Many consumers are surprised to find out how great a difference their credit history makes.
As recent homeowners insurance rates calculations are revealing, credit is growing in its importance to Americans. Our daily lives are directly impacted by our credit histories, according to the results of a recent study. This includes the amount being paid in premiums for property policies.
A recent study showed that people with fair or median credit scores pay an average of 32 percent higher premiums.
The research was conducted by Quadrant Information Services. It was commissioned by insuranceQuotes. It looked into the average impact an individual’s credit score has on the homeowners insurance rates he or she is charged. What it determined was that when compared to someone with excellent credit, someone with a fair (median) credit score pays 32 percent higher premiums.
That is important to show consumers the impact of their credit score on what they pay to cover their properties. However it is also important as it reveals a rapidly rising trend. Since 2014, only two years ago, the difference in the impact between a fair and excellent score has increased by 29 percent.
That said, the impact on homeowners insurance rates for someone with a poor score is far greater.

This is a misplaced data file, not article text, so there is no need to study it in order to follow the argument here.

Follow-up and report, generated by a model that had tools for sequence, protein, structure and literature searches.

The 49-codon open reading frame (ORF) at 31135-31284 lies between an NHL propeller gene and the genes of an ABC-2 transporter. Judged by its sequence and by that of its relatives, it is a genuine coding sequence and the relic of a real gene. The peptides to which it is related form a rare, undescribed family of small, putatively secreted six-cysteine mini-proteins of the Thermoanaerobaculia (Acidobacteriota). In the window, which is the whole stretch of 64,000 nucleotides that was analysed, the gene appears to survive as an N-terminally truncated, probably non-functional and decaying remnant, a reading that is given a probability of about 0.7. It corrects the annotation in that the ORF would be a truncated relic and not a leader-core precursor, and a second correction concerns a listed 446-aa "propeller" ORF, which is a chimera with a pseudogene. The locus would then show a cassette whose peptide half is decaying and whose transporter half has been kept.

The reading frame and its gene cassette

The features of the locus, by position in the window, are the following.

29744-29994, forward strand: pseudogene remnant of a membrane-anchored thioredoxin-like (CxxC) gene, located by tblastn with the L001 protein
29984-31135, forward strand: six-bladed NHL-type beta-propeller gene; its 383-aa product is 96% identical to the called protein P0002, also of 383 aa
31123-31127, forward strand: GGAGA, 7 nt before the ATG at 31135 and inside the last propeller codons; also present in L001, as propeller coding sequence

In fact, the Quadrant Information Services results showed that when compared to someone with excellent credit, someone with poor credit may pay 100 percent more. Since 2014, that represents a tremendous increase of 91 percent.
This can be problematic for several reasons. Beyond the fact that the people who likely have the least money are paying the most for home insurance policies, there is also another issue at play. A sizeable number of consumers don’t even realize that their credit history has a role in their homeowners insurance premiums calculations.
The Consumer Federation of America – an advocacy group – conducted a survey in 2007 through which they revealed that only 43 percent of Americans did not know their credit score could influence their insurance premiums. This is unfortunate as this information could greatly influence the financial decisions and policy comparisons of those consumers.